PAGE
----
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Fig 2. Photo-bleaching experiments using acridine orange.

(a) Single-photon and two-photon excited widefield images of lens tissue fibres stained with 120 μM acridine orange in PBS, taken at image acquisition rates of 1 Hz, 10 Hz and 100 Hz with continuous irradiation for 600 seconds. The normalised fluorescence intensities, averaged over 30 ROIs from 10 recordings made using 5 specimens for each image acquisition rate are plotted over time in (b) for single-photon excitation and in (c) for two-photon excitation. Photo-bleaching rates were similar for single-photon and two-photon excitation at image acquisition rates of 1 Hz and 10 Hz, but with an image acquisition rate of 100 Hz, photo-bleaching is markedly reduced with widefield two-photon excitation, with the normalised average fluorescence intensity having levelled off at 75% the initial value, while with single-photon excitation the fluorescence was at 45% after 600 seconds, and still decreasing. Scale bar = 15 μm.

http://dx.doi.org/10.1371/journal.pone.0147115.g002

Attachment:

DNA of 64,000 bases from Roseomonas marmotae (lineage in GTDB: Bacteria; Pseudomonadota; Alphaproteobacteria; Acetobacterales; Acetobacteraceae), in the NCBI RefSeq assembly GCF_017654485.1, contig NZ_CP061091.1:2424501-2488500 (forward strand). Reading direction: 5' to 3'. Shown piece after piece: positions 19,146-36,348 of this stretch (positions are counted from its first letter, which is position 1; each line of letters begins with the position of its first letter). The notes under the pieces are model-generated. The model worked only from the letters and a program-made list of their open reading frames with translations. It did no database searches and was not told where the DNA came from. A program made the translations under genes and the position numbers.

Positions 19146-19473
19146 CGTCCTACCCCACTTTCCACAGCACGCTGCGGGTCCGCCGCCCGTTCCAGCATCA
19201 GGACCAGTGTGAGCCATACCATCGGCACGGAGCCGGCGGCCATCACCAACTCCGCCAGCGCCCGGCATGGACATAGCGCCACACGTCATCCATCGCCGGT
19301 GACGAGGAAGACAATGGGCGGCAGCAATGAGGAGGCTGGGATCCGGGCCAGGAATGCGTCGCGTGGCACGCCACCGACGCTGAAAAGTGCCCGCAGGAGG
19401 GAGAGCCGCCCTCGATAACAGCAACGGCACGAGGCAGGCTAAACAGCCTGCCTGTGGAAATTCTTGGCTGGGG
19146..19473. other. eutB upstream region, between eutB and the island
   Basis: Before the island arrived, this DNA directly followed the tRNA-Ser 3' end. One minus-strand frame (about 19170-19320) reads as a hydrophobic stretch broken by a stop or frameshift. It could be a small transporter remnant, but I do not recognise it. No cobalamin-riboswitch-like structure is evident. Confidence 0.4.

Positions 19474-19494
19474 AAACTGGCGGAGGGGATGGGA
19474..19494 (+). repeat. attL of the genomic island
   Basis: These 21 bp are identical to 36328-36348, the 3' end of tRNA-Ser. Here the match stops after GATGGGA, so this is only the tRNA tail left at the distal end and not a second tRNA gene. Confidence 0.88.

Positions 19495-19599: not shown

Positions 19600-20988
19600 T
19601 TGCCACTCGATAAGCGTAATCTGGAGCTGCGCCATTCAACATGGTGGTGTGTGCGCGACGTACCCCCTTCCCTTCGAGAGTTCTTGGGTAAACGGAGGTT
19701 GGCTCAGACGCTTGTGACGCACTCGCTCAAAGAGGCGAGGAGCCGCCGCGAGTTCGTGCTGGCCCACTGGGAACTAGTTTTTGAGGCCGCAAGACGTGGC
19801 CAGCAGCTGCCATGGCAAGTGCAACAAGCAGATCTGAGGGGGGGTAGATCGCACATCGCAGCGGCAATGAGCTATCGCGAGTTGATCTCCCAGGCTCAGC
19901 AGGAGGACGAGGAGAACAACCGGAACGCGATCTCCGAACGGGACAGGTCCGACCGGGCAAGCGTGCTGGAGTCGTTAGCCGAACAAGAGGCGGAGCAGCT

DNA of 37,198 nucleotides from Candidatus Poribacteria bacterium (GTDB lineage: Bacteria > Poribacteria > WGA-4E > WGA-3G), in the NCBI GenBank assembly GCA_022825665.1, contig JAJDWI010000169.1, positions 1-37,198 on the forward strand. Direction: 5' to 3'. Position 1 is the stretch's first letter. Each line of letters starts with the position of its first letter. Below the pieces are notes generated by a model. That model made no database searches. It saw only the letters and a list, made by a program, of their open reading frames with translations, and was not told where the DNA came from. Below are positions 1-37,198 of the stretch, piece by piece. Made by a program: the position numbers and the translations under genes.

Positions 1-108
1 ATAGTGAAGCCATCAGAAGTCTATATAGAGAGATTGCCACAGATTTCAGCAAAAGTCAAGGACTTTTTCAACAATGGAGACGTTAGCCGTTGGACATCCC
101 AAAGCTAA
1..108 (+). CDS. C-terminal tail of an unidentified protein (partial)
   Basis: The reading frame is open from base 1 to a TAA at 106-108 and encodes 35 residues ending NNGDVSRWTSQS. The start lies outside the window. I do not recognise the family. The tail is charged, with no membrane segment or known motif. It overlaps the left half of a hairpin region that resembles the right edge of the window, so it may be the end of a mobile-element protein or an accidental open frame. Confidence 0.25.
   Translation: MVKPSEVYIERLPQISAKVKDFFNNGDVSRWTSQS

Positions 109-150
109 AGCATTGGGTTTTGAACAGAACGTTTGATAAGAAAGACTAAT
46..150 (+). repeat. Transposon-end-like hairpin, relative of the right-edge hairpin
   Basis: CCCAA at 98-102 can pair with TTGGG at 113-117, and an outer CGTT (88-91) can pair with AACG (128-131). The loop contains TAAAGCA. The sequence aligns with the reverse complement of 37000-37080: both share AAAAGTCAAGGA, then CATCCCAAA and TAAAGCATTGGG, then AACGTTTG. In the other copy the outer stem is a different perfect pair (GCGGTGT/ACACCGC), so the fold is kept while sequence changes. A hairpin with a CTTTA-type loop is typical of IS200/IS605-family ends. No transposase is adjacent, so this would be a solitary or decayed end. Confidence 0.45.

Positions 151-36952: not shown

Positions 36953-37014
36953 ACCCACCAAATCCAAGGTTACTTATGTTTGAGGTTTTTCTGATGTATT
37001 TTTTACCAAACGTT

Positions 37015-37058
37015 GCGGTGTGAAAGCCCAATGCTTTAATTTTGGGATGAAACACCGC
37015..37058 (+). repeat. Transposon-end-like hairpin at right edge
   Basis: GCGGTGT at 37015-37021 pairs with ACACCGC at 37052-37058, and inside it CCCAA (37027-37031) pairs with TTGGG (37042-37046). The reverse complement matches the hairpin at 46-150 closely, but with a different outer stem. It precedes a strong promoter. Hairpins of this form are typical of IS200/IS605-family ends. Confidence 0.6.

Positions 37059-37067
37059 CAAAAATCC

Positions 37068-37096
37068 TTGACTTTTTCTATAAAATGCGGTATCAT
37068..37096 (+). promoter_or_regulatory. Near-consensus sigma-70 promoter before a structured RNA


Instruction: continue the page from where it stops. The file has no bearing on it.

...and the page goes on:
Our experimental results from lens tissue fibres stained with 10 μM primuline in tap water are shown in Fig 3. Fig 3a shows the widefield single-photon and widefield two-photon-excited fluorescence images of the fibres with continuous irradiation for 600 seconds. The image acquisition rates were 1 Hz, 10 Hz and 100 Hz, and for each imaging condition three specimens were used, with two recordings made for each specimen and the normalised fluorescence intensity measured and averaged over three ROIs within a fibre for each recording. The plots of normalised average fluorescence intensity over time are shown in Fig 3b for single-photon excitation and in Fig 3c for two-photon excitation. Photo-bleaching was consistently reduced with widefield two-photon excitation at all image acquisition rates. With an acquisition rate of 1 Hz, the normalised average fluorescence intensity decreased by 21% for single-photon excitation, and only by 1% for two-photon excitation. With an acquisition rate of 10 Hz, it decreased by 37% for single-photon excitation and by 13% for two-photon excitation, and with an acquisition rate of 100 Hz, it decreased by 43% for single-photon excitation and by 20% for two-photon excitation.